Maybe it was in 1972 that I first saw actual paintings by Agnes Martin, at Robert Elkon Gallery in New York. There was excitement in the city on the part of her fans—this was the first show in some time. Those may have been the first new works since she stopped painting some years earlier.
The grid. Martin was a painter who could make the grid into an icon, a logo, the grid that Rosalind Krauss wrote about later as central to Modernism. And yet, is there any other grid painter who made the form so much her own, so that in some way we can say there is no other grid painter? And was the grid what she was about, anyway?
I met Agnes Martin through Dale Henry or Lucio Pozzi in 1973 or 1974 when she was in New York for a talk at Cooper Union. Her talk, as often, was about the perseverance involved in being a painter, and the need to “see.” Afterwards a few of us went to a nearby café or bar to drink margaritas where she paid for all saying she had just made money in Europe with prints. As we sat there she spoke directly to each of us, all painters, and to me she said, or asked, “Are you strong?” Then, looking me in the eye, “You will be a good painter.” It seemed that longevity might be part of that.
The Canadian Agnes Martin lived in the desert of New Mexico. The horizon and the color that surrounded her are perfectly expressed in her six-by-six foot (later five-by-five) square paintings that produced a meditative space. The painting itself becomes an object of contemplation able to carry to the viewer not only the serenity that I am sure she found within as she worked on these paintings, but an intimation of the woman herself, that woman concerned with morality and with spirit.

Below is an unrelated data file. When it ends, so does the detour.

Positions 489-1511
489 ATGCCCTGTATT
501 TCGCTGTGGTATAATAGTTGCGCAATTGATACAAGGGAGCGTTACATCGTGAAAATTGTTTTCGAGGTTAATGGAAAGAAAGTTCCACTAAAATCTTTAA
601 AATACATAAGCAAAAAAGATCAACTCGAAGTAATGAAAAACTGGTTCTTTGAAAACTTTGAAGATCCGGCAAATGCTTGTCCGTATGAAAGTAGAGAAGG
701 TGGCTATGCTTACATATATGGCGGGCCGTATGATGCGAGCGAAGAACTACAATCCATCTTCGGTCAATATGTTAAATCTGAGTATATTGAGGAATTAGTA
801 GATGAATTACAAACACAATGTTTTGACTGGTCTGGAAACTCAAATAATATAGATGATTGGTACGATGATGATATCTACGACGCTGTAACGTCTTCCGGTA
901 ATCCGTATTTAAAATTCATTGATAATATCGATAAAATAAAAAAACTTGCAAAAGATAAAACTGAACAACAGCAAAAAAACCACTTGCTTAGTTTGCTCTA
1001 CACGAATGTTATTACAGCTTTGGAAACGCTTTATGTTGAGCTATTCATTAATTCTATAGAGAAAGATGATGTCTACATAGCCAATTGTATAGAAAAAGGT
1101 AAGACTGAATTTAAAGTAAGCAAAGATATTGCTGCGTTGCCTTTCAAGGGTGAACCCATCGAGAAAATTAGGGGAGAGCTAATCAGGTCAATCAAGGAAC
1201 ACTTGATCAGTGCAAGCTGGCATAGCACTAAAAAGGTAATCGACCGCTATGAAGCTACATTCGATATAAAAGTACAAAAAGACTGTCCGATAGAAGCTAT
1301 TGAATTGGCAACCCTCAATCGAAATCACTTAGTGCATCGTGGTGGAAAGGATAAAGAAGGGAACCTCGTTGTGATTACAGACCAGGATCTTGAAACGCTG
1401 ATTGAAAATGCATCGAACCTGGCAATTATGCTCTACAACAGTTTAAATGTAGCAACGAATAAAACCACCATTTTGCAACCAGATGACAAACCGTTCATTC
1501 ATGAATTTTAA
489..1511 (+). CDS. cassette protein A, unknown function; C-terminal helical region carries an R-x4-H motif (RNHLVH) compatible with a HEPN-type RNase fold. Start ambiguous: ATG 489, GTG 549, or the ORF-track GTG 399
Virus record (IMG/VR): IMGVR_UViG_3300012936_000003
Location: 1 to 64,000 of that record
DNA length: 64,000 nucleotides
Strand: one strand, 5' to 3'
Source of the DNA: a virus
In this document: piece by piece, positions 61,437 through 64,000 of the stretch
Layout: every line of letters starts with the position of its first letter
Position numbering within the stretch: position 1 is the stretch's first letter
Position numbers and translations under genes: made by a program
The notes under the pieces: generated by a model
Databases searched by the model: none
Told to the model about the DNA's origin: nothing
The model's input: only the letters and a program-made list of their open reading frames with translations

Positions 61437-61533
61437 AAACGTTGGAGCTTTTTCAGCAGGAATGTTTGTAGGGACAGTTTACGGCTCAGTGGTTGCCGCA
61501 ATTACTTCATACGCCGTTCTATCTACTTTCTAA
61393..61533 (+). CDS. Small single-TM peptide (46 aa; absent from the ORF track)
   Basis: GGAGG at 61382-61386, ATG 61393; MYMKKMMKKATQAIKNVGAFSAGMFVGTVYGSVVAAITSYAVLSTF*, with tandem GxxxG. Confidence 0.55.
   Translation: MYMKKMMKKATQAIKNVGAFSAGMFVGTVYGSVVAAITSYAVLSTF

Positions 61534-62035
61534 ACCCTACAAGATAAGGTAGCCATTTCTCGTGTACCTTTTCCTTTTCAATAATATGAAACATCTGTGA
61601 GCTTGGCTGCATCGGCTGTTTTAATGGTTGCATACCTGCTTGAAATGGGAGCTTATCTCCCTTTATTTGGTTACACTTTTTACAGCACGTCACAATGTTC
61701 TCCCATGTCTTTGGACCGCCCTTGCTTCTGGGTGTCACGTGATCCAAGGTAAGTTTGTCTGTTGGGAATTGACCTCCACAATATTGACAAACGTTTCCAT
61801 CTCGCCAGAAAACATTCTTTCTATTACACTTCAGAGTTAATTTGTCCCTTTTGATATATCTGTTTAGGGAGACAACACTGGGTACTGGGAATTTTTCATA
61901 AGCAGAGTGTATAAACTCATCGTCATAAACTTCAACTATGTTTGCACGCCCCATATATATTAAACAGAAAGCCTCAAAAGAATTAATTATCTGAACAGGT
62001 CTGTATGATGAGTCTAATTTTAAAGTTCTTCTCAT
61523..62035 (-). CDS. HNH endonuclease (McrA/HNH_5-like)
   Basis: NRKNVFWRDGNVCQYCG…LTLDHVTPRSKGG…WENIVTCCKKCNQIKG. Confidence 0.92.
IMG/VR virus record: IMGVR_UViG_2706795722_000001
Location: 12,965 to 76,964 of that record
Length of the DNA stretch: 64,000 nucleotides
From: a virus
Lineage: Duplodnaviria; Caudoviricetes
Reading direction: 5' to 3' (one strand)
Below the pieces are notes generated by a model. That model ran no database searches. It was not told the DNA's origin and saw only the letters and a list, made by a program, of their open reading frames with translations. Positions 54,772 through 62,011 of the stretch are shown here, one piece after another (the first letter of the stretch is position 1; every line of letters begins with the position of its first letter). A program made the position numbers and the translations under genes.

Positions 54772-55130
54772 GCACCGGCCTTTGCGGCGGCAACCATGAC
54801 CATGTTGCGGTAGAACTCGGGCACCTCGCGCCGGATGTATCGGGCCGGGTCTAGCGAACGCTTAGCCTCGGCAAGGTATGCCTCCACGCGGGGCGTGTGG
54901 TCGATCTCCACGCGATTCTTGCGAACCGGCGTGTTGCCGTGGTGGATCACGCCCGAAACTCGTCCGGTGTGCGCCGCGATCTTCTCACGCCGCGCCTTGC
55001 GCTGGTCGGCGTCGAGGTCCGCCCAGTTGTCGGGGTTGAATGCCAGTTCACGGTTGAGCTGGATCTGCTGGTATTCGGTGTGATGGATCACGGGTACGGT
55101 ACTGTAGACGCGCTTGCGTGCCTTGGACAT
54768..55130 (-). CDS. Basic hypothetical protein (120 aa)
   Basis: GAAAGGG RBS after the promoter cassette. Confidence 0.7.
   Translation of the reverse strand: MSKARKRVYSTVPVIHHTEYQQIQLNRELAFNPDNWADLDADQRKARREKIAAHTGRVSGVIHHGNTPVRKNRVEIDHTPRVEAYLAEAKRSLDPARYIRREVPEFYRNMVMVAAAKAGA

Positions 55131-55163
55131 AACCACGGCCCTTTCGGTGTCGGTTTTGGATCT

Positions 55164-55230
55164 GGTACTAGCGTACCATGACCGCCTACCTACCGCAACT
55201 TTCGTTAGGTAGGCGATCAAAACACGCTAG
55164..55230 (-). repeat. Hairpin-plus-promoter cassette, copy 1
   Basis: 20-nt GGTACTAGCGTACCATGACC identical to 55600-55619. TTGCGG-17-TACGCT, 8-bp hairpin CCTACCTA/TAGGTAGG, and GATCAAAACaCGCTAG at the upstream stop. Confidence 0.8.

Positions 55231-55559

On the personal side she became a legend when she left her studio, friends, paintings, and supplies in New York City, and drove off across the country to settle in New Mexico—across the mountain from Georgia O’Keefe. I know more of the legend than of the actuality, but I can say she found isolated land near Cuba, NM, and there, over time, built herself a house while living in the desert, no phone connection, no computer, driving into town for supplies, receiving the rare guest who wrote ahead, then followed instructions for finding her. After the construction of her house, there was the studio—reportedly she dug down four feet to be able to build six-foot walls resulting in a ten-foot interior height.
She did live long, moving to Galisteo and eventually to Taos and dying only now at the age of 92. And soon after her very recent show at PaceWildenstein in New York.
There have been other times our paths crossed. Students in a class called Women in the Arts that I was teaching at Hunter College chose to invite her to speak, and she did, caring for her image, carefully checking out seating and lighting possibilities in the auditorium before the talk, deciding to stand on the floor level rather than to sit on the stage, reading her text, answering a few questions, then abruptly marching up the aisle and out of the room. Her talk was titled “What do we not see when we do not see?” It has since been published in a collection edited by Dieter Schwartz through the Winterthur Museum in Switzerland.
A phrase from the catalog for her Whitney exhibition describing her as the most famous unknown artist of the time rings often in my mind. Her work was not that which would capture a general public as Andy Warhol’s did, but then this may be true of Minimalism more broadly. Her meticulous attention to the execution of carefully planned paintings resulting in a “desert” of color and line could not appeal to a pop public—though one day it might.
The two images, of Martin herself on the one side and that of her grid paintings on the other, stood for her with equal power—a correct morality in a work-intensive form synthesized into lyric poems from the desert and the heart.